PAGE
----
TEXT OF STORY
Kai Ryssdal: Almost eight months after the earthquake that leveled most of Port-a-Prince, hundreds of thousands of Haitians are still homeless. They're living in tent cities or other makeshift housing in the slums of the city. Most of them are under 30 years old. They can't get jobs or education or better places to live. So economists are saying they should start looking for a future outside the city.
Ruxandra Guidi has more.
Ruxandra Guidi: This was once the main square of Haiti's capital city, Port-au-Prince. Today, it's a sprawling settlement of some 6,000 people who live under plastic tarps and sheets strewn between clotheslines and trees.
Adolphe Miradieux's makeshift home is on the edge of this tent city. He's 27, unemployed and he's had to abandon his college course in economics.
Adolphe Miradieux: Young Haitians are committed to going to school, to helping others and improving their own situation, but the government doesn't offer any hope to them. Here, there are many young people who can work but can't get a job.
Soon after the earthquake, Adolphe's mother moved to the countryside to live closer to her extended family, but Adolphe didn't follow. He says that there is often no electricity, drinkable water, clinics or schools in rural areas. For 50 years, the government has invested little in infrastructure, services or agricultural production there. So for Haitians wanting services and opportunity, the city is the place to be. Port-au-Prince was designed for 300,000 people. At last count, it had a population of three million.
But since the earthquake, more than 600,000 people have moved to the countryside, the government says. Many are looking for a simpler life, focused on food production and community.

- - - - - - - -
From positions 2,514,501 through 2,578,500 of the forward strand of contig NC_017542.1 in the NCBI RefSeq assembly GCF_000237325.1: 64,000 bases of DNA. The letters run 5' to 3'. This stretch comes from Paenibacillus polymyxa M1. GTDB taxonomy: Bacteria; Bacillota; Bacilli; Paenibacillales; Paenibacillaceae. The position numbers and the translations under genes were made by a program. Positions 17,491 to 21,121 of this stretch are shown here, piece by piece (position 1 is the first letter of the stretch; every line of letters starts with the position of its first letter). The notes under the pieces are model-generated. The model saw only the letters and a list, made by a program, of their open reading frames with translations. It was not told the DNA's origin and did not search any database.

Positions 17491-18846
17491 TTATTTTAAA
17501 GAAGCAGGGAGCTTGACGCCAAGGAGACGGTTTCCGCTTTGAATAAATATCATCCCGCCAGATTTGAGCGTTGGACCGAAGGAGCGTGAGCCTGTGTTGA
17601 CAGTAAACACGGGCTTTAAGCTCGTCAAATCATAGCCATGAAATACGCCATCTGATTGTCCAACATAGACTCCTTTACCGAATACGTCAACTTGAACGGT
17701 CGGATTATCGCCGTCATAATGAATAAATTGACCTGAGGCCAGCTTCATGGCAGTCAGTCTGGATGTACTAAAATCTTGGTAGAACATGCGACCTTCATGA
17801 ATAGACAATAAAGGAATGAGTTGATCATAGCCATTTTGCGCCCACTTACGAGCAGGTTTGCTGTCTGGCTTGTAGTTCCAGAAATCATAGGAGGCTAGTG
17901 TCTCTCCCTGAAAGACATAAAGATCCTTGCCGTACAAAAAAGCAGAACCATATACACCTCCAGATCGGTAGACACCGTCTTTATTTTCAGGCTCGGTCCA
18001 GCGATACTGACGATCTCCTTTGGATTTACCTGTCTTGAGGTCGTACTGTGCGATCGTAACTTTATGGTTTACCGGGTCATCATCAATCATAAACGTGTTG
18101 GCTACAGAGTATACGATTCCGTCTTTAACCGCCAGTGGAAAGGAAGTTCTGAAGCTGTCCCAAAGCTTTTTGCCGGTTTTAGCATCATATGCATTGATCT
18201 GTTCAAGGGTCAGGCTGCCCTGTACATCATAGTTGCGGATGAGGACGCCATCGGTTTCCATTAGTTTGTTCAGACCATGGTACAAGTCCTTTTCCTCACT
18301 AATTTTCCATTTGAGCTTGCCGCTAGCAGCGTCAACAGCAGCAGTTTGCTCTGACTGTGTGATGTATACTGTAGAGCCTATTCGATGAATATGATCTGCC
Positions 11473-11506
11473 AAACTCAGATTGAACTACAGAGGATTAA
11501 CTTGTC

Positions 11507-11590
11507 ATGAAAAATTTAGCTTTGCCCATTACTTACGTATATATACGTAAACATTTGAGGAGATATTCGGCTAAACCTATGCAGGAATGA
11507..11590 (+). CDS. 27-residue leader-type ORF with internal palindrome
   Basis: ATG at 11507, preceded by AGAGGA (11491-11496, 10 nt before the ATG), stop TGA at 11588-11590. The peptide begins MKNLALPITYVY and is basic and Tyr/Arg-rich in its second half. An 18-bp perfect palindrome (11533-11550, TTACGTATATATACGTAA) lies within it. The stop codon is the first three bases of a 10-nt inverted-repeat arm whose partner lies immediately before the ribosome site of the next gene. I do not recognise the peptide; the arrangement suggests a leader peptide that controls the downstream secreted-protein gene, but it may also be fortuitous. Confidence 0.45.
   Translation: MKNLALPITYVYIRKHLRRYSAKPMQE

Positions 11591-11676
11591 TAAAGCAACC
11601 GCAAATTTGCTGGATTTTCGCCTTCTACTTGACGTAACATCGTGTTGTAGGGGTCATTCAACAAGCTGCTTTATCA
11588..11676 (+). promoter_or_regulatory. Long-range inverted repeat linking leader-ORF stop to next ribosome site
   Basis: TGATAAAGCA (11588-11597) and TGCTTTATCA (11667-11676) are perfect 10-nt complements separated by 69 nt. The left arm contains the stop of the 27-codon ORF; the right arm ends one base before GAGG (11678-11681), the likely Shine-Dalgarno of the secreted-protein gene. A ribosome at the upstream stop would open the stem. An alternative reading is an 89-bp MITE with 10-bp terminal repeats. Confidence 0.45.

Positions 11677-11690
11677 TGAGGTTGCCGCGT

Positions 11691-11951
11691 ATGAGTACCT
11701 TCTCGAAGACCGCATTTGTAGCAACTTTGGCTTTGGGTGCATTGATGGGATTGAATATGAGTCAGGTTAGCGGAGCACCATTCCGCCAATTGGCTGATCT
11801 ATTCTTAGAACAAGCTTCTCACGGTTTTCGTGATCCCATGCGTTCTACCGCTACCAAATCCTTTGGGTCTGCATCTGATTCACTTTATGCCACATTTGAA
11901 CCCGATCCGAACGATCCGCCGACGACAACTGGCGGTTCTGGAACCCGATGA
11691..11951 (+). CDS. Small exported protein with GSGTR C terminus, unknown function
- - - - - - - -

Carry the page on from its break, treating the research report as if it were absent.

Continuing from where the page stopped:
Carlos Sinfinice is 17 years old. Days after earthquake, he and his family found themselves in a squalid refugee camp in Port-au-Prince. When they heard that the peasant enclave of Papaye in the Central Plateau region was welcoming and helping out families like theirs, they moved. The local peasant union gave them a small plot of land where they could grow vegetables, free meals and a simple home. Carlos says it's a different world from the city.
Carlos Sinfinice: The young people here have learned a lot. The peasant organization helps them to get basic services, sometimes even school and jobs. I've also noticed that the young people here help each other out more, and are generally responsible.
Agronomist Jean-Baptiste Chavannes has been calling for decentralization of Haiti's industry and services for more than three decades. He founded the nation's largest peasant cooperative, the Mouvman Peyizan Papay, to foster sustainable agriculture in Haiti. Chavannes says young people and peasants will have to have a big part in rebuilding the country.
Jean-Baptiste Chavannes: Right now, our plan is focused on building new homes, starting up new family farms, creating jobs and finding ways to integrate the refugees from the city into our communities. The earthquake isn't the first disaster to destroy Haiti; we've also had hurricanes and droughts, and need to think of this as an opportunity to come up with a long-term plan that benefits both people and the environment.
His approach is increasingly advocated by some international aid agencies and outside economists. They say concentrating industry and services in the cities makes Haiti vulnerable every time a natural disaster strikes these population centers. But to achieve decentralization, the government must invest more in rural areas to encourage people to move there from the cities, and to make sure they don't overwhelm the limited rural services once they do arrive.
Meanwhile, former urbanites like young Carlos Sinfinice are hedging their bets. Right now, he's spending his afternoons out in the fields, helping his father grow sugar cane and corn. But he goes to school in a nearby city, and if he achieves his goal of one day going to college to study journalism, that will not likely be in Papaye.
In Papaye, Haiti, I'm Ruxandra Guidi for Marketplace.